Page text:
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Low o'er the grass the swallow wings;
SIR EDWAR DYER.
My mind to me a kingdom is ;
Such perfect joy therein I find, As far exceeds all earthly bliss,
That God or nature hath assign'd; Though much I want that most would have, Yet still my mind forbids to crave.
Content I live, this is my stay;
suffice; I press to bear no haughty sway;
Look, what I lack, my mind supplies ;
My wealth is health and perfect ease,
My conscience clear, my chief defence ; I never seek by bribes to please,
Nor by desert, to give offence. Thus do I live, thus will I die, Would all did so as well as I.
BLESSED is the Sunlight! giving joy unto the child
W. H. B.
SILENT tears pale night is weeping
O’er the drooping silver rose ;
Earth with dewy splendour glows.
With the night wind's gentle sigh;
From her dwelling-place on high.
May o'er the spirit fall;
And long-lost friends recall ;
That glitters in the west,
Their hallow'd place of rest.
UNTHINKING, idle, wild, and young,
WAEN mem’ry looks back on the record of years,
Ere reason and feeling decay ; .
Are swept by oblivion away, —
To glance on its mirrors again,
They seem not so desolate then.
As the dawning disperses in day ;,
A beautiful light on our way;
No trace but of happiness leave ;
How rain-how ungrateful—to grieve.
Life's briers and roses-its gladness and gloom,
Do they vanish together?—Oh, no! The flow'rets we pluck, and condense their perfume,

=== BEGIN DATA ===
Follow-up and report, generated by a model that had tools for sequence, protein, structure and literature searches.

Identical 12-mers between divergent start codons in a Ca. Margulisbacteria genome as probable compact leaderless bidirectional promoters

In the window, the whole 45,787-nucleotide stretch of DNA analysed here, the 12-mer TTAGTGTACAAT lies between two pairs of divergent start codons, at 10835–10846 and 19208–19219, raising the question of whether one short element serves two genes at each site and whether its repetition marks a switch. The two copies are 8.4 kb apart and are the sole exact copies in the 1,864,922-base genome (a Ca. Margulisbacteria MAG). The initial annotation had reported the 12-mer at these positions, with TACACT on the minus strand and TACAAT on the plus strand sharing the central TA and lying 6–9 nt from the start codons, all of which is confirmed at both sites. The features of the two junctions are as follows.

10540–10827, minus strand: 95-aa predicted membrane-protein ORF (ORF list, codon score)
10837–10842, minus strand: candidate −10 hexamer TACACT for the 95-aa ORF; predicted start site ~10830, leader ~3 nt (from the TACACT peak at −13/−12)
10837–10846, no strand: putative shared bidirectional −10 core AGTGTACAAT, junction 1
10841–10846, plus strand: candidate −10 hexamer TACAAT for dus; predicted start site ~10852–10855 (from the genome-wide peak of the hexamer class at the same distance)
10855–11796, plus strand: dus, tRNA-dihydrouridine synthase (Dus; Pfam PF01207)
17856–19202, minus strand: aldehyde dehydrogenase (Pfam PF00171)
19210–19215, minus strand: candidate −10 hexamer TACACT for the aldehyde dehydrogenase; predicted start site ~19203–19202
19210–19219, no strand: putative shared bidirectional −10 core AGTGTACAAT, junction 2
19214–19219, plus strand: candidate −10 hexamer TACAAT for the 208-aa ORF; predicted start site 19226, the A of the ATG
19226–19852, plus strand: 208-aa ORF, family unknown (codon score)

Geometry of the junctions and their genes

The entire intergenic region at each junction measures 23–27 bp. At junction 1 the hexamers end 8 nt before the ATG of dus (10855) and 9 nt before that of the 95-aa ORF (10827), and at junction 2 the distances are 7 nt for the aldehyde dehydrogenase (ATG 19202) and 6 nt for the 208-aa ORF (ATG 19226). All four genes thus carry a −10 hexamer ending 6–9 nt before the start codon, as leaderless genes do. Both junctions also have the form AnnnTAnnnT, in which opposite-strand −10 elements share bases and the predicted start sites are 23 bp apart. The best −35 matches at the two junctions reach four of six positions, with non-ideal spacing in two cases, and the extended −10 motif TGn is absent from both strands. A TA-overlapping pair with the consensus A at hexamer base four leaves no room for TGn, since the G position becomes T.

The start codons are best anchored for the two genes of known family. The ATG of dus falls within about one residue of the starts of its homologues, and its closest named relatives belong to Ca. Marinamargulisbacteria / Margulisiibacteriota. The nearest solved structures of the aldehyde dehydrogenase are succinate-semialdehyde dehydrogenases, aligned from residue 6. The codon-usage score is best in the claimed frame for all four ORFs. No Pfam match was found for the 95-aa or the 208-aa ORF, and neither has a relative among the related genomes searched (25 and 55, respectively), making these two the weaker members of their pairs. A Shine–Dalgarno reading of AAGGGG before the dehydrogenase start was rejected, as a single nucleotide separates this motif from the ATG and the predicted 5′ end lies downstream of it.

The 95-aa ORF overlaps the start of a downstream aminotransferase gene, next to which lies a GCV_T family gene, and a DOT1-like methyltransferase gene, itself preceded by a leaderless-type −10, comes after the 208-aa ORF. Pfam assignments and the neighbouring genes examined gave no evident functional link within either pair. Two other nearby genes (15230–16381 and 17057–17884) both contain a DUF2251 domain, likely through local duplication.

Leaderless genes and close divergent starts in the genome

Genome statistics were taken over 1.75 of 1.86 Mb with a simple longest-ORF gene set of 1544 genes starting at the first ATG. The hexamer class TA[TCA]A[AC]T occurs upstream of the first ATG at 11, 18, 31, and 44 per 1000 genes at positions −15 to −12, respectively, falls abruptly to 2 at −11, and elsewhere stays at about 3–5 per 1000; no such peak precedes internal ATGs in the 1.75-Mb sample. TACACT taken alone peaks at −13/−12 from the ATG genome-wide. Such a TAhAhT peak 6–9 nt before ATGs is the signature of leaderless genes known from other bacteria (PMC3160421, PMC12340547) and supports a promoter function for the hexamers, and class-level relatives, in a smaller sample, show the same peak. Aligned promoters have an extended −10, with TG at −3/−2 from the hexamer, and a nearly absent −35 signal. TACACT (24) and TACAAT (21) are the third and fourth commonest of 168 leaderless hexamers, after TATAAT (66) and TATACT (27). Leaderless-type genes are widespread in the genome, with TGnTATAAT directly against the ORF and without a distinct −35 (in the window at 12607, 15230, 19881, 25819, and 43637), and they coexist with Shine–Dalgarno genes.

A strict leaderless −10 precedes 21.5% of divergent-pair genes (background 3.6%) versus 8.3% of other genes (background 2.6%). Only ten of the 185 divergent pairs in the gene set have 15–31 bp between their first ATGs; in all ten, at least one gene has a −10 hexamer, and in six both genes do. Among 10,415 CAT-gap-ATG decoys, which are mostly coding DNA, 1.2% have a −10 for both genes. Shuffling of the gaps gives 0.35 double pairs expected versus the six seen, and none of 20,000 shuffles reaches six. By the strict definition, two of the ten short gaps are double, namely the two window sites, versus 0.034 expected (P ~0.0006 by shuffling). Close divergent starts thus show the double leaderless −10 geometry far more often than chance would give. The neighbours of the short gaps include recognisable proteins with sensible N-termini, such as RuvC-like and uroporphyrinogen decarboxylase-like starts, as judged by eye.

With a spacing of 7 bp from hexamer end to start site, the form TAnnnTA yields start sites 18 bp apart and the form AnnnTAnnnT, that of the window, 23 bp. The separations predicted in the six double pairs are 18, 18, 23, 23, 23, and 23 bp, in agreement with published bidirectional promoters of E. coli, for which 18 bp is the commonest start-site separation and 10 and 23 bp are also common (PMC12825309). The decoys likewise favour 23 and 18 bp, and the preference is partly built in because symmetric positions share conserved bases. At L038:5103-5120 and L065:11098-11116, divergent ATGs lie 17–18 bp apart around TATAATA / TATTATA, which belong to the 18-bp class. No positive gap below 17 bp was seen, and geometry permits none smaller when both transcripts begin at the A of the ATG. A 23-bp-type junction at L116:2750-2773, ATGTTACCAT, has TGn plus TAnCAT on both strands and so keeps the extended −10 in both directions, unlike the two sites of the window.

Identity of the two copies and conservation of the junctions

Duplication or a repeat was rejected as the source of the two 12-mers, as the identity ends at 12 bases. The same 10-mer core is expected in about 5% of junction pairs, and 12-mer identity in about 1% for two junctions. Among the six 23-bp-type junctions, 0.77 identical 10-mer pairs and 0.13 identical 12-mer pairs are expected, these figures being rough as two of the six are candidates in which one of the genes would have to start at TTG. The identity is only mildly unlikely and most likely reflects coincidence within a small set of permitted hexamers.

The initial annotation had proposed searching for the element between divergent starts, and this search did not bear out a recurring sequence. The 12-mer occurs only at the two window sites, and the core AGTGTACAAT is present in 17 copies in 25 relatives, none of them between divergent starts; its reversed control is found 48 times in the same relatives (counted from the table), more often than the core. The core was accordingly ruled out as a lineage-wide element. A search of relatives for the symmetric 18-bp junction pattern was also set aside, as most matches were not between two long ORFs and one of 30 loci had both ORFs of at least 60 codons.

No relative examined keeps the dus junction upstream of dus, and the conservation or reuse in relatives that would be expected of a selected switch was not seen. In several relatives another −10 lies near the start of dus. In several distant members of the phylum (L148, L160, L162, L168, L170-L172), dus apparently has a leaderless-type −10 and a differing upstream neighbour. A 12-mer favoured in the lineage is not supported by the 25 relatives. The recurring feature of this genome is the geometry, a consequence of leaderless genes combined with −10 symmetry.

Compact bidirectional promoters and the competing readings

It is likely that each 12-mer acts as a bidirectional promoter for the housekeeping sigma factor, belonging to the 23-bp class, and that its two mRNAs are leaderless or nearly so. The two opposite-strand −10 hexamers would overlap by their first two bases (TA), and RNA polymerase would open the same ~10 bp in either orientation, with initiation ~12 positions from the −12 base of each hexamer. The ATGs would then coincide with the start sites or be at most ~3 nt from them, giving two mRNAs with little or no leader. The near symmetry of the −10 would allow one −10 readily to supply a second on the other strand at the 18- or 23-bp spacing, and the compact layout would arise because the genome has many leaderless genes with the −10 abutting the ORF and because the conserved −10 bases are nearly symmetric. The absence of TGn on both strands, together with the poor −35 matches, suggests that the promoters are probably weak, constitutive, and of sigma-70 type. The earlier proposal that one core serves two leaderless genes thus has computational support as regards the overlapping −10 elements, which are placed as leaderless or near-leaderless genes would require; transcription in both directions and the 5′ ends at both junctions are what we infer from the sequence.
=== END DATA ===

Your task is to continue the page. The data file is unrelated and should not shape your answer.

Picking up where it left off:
The weeds to the desert we throw. Like the bee, thoughts fly o’er the fields of the past,
Finding sweets wheresoever they roam: They wander through sunshine and storm, and at last
Store nought but their honey at home.
THE WINTER ROBIN.
A SUPPLIANT to your window comes,
Who trusts your faith, and fears no guile : He claims admittal ice for your crumbs, And reads his passport in your
smile. For cold and cheerless is the day,
And he has sought the hedges rounů ; No berry hangs upon the spray,
Nor worm nor ant-egg can be found. Secure his suit will be preferr’d,
No fears his slender feet deter; For sacred is the household bird,
That wears the scarlet stomacher.
COMPASSION AND FORGIVENESS.
I HEAR the voice of woe ;
A brother mortal mourns ;
My heart his sighs returns.
The famish'd beg for bread :
My hand its bounty shed.-
Touch'd by that humble strain,
Nor will offend again ?”
Can hope bear high my pray'r,
To plead for pardon there?